Articles in Optimism
A few months ago I explored the relationship between health outcomes and explanatory style in 200 executives, including 119 men and 81 women from the main companies in Peru. I divided the executives into two groups based on the Seligman’s Attributional Style Questionnaire: those with predominately optimistic explanatory styles and those with predominately pessimistic explanatory styles. Then I looked at the way their explanatory styles related to two variables of health.
Sometimes our children do something totally unexpected and unacceptable. Then we try desperately to make sense of what happened by playing it over and over in our minds. We can hope for particular outcomes, but with that hope comes fear that it will not be so. Is the road to fearlessness found by giving up hope and letting go of dreams? But not to dream of their futures is an intolerable posture.
Throughout the World Congress of the International Positive Psychology Association, a dazzling array of new scientific breakthroughs and research set off fireworks to rival those of the Magic Kingdom. Martin Seligman challenged his own earlier research on learned helplessness. Tal Ben-Shahar invited us to focus on the growing tip as we work on positive change. Tom Rath reminded us of often neglected qualities that help us be fully charged.
I want to add to Lisa’s review of the book Focus by discussing prevention and promotion focus. Both kinds of focus can sometimes work together. For example, with the goal to exercise more, promotion-focus gives people enthusiasm for the gain of better fitness, and prevention-focus keeps them vigilant in the long term to avoid losing the fitness they built up.
When they want to feel more loved, valued, respected or connected, most people give away their power. They ask (or want) others to be different, which means someone else’s behavior determines how happy they will be.
What do happier people do?
December 5, 2013 will be remembered for news of the death of the first black president of South Africa, anti-apartheid icon and Nobel Peace Prize winner, Nelson Mandela. I’m not normally drawn to writing about political leaders. But Mandela was different in every respect. His life was a life well-lived.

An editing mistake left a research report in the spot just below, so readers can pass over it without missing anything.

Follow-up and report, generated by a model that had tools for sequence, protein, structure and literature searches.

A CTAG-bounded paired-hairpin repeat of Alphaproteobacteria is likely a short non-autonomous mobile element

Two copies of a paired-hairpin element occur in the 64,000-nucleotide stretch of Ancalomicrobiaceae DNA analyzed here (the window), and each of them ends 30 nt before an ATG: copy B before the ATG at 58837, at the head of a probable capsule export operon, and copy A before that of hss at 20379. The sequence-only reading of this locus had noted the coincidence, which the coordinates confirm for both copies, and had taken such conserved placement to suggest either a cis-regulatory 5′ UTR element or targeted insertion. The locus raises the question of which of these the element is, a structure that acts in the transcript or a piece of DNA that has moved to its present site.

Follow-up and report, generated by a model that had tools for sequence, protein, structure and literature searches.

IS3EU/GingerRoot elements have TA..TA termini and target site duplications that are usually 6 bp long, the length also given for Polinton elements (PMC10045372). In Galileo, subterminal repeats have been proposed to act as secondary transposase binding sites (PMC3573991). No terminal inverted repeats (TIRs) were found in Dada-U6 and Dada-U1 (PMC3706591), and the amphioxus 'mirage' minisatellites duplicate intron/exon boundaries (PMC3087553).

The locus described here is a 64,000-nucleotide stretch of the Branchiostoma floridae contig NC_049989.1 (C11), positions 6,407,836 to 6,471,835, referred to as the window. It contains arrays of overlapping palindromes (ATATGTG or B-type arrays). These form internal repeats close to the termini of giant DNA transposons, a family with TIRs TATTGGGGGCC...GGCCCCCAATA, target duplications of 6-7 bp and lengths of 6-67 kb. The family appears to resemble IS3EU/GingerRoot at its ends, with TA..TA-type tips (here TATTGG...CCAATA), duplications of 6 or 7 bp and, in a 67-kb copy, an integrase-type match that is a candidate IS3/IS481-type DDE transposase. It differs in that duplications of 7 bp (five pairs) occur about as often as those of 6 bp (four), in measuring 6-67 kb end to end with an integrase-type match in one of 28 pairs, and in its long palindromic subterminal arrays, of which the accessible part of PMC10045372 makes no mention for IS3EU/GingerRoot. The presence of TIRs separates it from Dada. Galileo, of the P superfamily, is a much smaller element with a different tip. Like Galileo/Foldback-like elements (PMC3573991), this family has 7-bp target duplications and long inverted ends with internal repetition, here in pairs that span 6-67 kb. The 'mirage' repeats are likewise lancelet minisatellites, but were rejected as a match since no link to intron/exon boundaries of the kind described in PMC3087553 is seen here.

We are constantly in an internal dialogue with ourselves. We comment, we evaluate, and we judge. Although such inner conversations may seem benign at first sight, what we say to ourselves about ourselves can in fact have an important influence on our emotional well-being as well as our beliefs about our capabilities. Stepping back, mindful awareness can give us more choice and flexibility in how we deal with negative thoughts and emotions.
According to several news reports, what Inamori did to re-engage employees and lead Japanese Airlines back into the black was to insist on compulsory philosophy sessions for all staff, washed down with free beer. I was so intrigued by this story that I wanted to delve a bit deeper. I hoped Kazuo Inamori’s business philosophy might yield some positive psychology gems like the ones I recently found with Honda.
During the recent London 2012 Olympic Games an unparalleled mood of optimism and hope swept across the United Kingdom. It was without doubt an extraordinary two weeks. The question is whether we can maintain and capitalize on that sense of Olympic optimism now that the games are over, the athletes have all flown home, and life is settling back to normal. As with the sporting legacy, only time will tell.
This is the second article in my series of 24 stories of Chinese paragons, one for each VIA character strength. Even though the authors of Character Strengths and Virtues reviewed literature from major cultures around the whole world to select the 24 character strengths, the book’s paragon stories are predominantly Western. I hope this series can be a small supplement to a shared and global picture of human strengths.